What about performing concerts to empty halls in these exceptional times? “Having an audience there is really important. It’s such a great source of support!” says Pärssinen. “The average time that someone spends watching a stream or a video online is quite short. It’s a very different way of consuming the product. When you play music under those circumstances, you can find yourself wondering whether the people at the other end are interested at all. But when you are able to make music with your colleagues in the same space, you can trust the music.”

Tfo Aikojenlopunkvartetto Screenshot
Turku Philharmonic musicians performing Quatuor pour la fin du temps by Messiaen.
Photo: screenshot from TPO's online concert archive.

Meet your local musicians on stream

The remote concerts of Finnish orchestras have featured repertoire that musicians have been hankering to play, in some cases for quite some time. The pieces featured range from classics to rarities. Many have favoured music perceived as calming or hopeful – Bach or Sibelius being safe choices.

At least the Turku Philharmonic and the Tampere Philharmonic programmed the Quatuor pour la fin du temps by Messiaen – a hypnotic and searing work written in a prisoner-of-war camp and reflecting on a life turned upside down. Henna Jämsä played clarinet in the performance in Turku. “The Quatuor pour la fin du temps was already on our chamber music programme planned by orchestra members this spring in any case,” she says. “We pre-recorded the concerts but did not do any patching, so they were like live performances in that sense.”

The Turku Philharmonic, like the Tampere Philharmonic and the Finnish Radio Symphony Orchestra, managed to play one symphony concert to an empty hall in mid-March when the first assembly restrictions were imposed. “It was a really curious and intense experience,” Jämsä recalls. “A huge group of musicians and no audience. I had never realised just how much background noise an audience generates even if everyone is sitting still. I feel like we put more energy into it than ever before.”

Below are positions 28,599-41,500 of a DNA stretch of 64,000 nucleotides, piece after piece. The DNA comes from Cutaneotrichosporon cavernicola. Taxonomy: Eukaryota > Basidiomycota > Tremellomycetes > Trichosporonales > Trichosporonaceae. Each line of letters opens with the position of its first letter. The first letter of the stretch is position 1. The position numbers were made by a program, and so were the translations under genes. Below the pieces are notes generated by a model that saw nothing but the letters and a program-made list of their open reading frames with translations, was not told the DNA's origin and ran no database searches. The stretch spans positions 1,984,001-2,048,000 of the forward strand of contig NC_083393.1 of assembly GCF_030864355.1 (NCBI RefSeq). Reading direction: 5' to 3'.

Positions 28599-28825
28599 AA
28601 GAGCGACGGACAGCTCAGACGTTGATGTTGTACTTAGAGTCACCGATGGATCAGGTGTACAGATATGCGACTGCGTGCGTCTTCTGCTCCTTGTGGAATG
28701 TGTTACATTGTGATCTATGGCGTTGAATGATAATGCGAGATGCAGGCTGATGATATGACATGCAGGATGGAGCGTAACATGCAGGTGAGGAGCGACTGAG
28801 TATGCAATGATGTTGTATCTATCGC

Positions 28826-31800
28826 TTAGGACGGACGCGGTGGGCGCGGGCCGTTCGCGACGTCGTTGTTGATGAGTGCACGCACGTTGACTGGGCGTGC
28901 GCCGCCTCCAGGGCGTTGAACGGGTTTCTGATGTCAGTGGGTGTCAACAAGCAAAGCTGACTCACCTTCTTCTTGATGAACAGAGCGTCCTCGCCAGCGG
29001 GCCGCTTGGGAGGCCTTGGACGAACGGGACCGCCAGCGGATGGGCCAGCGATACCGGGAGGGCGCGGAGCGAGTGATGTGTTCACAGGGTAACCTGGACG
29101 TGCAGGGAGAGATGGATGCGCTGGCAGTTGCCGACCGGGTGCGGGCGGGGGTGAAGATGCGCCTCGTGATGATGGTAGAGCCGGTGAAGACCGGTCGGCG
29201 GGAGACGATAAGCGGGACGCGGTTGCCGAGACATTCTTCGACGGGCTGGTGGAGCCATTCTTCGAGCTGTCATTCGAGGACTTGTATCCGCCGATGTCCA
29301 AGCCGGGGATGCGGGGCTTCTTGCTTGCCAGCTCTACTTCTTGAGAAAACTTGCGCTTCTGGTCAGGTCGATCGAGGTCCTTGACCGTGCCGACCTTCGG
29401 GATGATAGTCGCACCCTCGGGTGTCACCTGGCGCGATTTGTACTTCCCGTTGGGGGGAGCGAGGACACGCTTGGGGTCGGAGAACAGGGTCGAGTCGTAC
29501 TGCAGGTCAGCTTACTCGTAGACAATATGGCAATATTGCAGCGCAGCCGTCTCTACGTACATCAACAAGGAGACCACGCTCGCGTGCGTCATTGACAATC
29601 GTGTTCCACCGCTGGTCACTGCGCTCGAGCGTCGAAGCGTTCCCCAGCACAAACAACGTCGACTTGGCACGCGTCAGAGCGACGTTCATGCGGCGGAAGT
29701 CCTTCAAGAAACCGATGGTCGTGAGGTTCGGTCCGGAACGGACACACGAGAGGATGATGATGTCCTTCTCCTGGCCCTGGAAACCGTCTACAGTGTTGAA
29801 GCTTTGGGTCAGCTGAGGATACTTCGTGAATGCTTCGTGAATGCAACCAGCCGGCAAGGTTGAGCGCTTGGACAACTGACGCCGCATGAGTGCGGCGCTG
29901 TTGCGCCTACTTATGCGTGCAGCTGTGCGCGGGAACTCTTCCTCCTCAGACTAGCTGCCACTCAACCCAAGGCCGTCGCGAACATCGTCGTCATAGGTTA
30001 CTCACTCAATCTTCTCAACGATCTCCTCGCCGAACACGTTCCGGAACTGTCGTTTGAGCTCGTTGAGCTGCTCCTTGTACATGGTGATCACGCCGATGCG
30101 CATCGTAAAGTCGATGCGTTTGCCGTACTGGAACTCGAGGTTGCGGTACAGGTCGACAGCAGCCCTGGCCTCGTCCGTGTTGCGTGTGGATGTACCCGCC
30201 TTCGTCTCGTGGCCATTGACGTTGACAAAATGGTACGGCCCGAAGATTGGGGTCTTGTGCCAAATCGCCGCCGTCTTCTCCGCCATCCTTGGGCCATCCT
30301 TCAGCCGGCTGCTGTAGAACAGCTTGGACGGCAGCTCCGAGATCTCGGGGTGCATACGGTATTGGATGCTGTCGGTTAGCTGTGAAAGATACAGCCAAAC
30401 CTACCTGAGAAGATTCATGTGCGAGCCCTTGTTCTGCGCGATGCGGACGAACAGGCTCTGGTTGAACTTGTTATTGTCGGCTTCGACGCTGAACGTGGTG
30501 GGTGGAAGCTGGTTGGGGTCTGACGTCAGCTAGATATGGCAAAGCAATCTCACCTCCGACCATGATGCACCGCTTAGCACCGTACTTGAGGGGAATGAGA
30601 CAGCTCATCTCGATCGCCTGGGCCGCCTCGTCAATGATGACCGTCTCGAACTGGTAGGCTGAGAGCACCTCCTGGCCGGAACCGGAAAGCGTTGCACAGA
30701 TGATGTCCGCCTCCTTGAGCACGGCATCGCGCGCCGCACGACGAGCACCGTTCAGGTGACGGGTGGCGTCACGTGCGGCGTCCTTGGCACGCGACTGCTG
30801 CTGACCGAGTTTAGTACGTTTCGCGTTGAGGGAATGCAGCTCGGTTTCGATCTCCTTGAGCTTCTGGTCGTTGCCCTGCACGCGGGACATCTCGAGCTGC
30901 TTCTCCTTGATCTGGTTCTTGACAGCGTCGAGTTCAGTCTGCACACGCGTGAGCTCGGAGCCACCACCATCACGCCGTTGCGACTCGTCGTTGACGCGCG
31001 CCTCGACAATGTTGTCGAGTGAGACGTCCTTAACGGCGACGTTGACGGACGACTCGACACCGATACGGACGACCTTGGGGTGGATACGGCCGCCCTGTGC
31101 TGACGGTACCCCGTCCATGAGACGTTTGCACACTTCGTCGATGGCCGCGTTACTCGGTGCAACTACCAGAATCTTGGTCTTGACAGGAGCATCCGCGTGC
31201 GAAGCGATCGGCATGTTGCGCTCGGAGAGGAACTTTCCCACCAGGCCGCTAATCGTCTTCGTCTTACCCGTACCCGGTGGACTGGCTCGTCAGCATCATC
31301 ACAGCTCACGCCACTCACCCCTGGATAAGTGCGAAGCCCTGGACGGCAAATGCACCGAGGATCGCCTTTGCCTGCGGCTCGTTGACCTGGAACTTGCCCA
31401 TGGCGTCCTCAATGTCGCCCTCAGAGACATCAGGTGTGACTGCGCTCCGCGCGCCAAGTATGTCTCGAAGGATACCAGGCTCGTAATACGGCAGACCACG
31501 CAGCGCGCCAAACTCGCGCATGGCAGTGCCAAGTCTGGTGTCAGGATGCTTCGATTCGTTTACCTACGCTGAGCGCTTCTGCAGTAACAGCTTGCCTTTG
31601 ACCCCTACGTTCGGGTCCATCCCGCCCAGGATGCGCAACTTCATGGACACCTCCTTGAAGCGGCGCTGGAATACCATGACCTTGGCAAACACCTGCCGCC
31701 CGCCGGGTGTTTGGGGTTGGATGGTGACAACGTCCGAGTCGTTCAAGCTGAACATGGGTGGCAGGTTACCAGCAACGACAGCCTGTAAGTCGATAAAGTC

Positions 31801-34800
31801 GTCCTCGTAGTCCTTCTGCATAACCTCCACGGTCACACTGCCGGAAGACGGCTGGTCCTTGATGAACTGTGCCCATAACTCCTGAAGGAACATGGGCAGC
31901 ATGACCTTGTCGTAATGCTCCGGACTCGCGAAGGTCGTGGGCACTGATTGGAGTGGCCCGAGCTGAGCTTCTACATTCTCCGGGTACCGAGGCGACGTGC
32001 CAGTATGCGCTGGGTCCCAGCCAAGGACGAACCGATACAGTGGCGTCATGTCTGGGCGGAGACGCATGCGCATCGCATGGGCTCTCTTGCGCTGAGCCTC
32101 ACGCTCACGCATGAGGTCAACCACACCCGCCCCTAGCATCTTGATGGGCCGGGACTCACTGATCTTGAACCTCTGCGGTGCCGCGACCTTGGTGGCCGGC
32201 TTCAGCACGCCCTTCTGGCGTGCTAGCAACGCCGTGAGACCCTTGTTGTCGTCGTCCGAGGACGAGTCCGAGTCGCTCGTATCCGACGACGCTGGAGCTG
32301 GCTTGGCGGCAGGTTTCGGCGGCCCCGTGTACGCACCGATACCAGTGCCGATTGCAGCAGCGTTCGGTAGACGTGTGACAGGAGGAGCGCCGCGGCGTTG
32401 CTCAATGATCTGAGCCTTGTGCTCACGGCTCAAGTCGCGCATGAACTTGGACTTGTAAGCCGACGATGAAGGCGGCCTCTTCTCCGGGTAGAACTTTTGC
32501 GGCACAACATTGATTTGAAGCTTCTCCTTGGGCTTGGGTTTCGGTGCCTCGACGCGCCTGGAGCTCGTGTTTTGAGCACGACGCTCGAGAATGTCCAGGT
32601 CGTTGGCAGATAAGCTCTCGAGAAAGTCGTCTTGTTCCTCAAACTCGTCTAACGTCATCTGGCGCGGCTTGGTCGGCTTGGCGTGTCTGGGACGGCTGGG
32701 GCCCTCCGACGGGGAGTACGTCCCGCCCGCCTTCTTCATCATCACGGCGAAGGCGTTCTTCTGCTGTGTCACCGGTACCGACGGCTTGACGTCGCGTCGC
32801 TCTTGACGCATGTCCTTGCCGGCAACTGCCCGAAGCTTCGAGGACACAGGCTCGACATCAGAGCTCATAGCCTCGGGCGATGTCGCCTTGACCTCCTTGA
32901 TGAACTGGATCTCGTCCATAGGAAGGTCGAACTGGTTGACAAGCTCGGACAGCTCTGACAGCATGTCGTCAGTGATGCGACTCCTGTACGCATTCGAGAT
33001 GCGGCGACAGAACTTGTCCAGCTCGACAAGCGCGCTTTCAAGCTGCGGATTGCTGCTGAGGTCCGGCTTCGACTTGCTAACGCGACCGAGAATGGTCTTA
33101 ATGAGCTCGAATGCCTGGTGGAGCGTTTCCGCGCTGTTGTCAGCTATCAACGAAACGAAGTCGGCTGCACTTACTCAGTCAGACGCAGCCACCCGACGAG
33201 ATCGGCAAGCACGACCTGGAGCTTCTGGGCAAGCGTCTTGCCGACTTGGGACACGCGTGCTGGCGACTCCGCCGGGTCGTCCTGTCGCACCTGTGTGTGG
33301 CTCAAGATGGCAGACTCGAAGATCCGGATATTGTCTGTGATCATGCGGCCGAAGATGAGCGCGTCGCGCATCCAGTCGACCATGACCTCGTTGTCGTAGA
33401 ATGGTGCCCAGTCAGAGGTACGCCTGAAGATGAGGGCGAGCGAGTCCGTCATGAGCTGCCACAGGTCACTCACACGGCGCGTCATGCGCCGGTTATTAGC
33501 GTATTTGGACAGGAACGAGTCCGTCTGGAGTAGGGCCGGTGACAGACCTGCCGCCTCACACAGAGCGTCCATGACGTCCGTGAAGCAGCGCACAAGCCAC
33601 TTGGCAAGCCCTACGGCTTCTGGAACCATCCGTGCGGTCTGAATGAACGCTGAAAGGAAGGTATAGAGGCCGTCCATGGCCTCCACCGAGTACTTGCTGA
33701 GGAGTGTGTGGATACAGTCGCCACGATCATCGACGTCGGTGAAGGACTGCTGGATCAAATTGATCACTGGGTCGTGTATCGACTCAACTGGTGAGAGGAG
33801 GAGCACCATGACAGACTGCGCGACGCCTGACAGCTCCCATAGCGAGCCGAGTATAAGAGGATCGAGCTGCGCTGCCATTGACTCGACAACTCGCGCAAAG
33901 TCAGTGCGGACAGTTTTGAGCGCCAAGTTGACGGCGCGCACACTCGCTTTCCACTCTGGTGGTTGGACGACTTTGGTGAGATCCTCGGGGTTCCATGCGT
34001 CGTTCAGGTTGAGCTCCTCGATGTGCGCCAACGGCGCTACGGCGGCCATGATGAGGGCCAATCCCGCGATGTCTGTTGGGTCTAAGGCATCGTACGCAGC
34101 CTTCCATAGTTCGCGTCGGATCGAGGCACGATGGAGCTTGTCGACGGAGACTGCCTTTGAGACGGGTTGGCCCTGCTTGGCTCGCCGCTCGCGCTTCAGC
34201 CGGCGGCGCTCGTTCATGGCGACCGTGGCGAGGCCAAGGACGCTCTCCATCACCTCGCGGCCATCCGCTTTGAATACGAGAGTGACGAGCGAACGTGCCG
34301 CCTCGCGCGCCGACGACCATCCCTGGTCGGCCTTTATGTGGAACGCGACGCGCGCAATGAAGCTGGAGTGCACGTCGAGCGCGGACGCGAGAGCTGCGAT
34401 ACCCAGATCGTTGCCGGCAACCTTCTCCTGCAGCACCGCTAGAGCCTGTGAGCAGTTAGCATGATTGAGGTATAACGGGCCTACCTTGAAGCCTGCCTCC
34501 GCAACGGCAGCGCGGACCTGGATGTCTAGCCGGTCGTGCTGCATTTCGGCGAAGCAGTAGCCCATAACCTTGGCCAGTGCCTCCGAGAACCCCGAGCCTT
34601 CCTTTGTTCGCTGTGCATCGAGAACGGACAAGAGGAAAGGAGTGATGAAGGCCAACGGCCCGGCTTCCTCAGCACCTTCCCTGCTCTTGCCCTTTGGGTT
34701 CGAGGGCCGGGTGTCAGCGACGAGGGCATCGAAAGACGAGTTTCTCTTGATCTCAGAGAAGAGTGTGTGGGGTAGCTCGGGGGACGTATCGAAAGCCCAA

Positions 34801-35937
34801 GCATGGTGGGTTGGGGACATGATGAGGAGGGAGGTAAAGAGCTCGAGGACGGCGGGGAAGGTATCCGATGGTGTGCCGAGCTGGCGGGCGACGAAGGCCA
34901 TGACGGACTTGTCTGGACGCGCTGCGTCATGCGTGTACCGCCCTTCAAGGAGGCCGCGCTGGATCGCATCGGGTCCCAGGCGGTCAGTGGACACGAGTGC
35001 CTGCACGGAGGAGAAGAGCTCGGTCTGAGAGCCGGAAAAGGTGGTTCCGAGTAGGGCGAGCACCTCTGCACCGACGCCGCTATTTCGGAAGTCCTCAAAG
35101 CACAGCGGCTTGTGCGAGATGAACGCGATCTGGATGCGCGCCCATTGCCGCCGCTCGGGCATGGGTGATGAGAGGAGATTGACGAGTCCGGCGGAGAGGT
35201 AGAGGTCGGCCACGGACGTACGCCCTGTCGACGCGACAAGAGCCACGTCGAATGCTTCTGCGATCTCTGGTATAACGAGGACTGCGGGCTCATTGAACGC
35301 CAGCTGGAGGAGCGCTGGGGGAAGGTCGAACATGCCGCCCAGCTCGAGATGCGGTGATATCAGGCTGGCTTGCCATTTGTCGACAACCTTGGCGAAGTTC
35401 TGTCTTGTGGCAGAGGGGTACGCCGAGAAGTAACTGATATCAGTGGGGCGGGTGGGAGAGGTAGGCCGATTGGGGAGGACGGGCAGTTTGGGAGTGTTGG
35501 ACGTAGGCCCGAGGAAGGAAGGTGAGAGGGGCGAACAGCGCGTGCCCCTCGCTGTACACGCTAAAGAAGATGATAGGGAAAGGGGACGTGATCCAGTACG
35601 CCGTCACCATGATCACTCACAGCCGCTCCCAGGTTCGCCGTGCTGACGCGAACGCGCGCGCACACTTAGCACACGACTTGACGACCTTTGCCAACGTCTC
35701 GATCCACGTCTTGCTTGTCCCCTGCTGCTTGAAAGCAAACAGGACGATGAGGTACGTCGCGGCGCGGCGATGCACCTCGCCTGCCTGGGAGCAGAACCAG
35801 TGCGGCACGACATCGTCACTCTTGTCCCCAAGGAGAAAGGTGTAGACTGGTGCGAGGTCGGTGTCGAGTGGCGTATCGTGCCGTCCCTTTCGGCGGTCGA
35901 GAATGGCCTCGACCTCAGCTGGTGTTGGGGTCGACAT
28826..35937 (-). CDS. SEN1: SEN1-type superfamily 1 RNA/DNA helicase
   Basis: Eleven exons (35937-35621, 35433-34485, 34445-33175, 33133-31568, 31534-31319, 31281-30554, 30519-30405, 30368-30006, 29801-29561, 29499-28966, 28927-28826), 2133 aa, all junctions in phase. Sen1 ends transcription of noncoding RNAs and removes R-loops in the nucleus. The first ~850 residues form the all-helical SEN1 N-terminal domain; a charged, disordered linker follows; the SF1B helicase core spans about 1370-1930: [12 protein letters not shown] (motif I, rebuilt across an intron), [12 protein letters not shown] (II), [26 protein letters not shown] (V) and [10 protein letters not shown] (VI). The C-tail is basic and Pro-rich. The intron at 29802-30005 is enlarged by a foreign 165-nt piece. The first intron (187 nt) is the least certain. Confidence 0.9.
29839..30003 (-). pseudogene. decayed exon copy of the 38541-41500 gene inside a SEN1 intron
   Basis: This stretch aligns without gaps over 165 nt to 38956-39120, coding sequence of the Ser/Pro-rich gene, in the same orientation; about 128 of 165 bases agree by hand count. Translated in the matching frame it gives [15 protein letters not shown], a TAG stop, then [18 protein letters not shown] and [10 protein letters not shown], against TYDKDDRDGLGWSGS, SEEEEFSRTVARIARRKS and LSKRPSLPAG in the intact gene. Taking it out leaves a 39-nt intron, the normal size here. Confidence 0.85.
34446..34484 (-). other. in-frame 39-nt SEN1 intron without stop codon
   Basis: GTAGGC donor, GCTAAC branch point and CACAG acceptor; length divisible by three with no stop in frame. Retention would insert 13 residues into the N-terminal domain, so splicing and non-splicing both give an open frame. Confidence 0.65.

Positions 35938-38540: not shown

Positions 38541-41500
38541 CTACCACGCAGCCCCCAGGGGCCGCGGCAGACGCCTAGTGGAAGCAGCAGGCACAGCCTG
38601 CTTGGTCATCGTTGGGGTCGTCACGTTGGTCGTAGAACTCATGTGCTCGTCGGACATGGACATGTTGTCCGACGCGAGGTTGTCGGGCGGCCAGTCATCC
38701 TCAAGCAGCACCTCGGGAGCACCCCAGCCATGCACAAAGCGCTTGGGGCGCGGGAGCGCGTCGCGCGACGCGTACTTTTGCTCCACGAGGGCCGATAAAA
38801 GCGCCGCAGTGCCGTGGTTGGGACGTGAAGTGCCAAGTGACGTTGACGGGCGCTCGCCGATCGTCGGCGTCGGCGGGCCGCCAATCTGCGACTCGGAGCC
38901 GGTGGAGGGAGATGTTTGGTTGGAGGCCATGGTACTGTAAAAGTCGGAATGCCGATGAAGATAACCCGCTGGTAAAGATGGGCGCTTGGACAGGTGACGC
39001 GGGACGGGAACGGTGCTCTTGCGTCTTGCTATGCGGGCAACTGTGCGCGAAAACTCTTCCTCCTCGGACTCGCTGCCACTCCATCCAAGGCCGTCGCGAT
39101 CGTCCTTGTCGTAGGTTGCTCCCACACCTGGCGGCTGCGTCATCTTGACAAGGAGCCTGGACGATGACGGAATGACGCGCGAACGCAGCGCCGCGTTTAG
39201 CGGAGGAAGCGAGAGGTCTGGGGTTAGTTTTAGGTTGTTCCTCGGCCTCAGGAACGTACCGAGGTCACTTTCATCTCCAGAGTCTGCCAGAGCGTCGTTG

Jämsä says that she felt nervous about the online concerts just as with live concerts. Knowing that the recording would remain online added to the pressure. “You just have to let it go. What is important for the audience is that the music is being performed by the musicians they know – not world stars, but the familiar people that they go to see every week,” she explains.

For musicians, making music together in these extraordinary circumstances had a unique feeling of its own, like being on a knife’s edge. “We were like, let’s do this really quickly now, before someone is quarantined,” says Henna Jämsä, recalling the first weeks. “Then it began to feel like a luxury to be able to make music with someone else. Every rehearsal was also something of a therapy session; everyone had an incredible need to talk to someone.”

Jazz pianist Kari Ikonen has also identified a particular kind of optimism in these troubled times. “As soon as it becomes possible to play music in public again in some shape or form, it will happen. People need art and culture. It’s like the food supply chain, really. Composers write music, musicians play it, and people listen.”

Translation: Jaakko Mäntyjärvi
Featured photo by Petra Tiihonen / Alias Creative: Kuopio Orchestra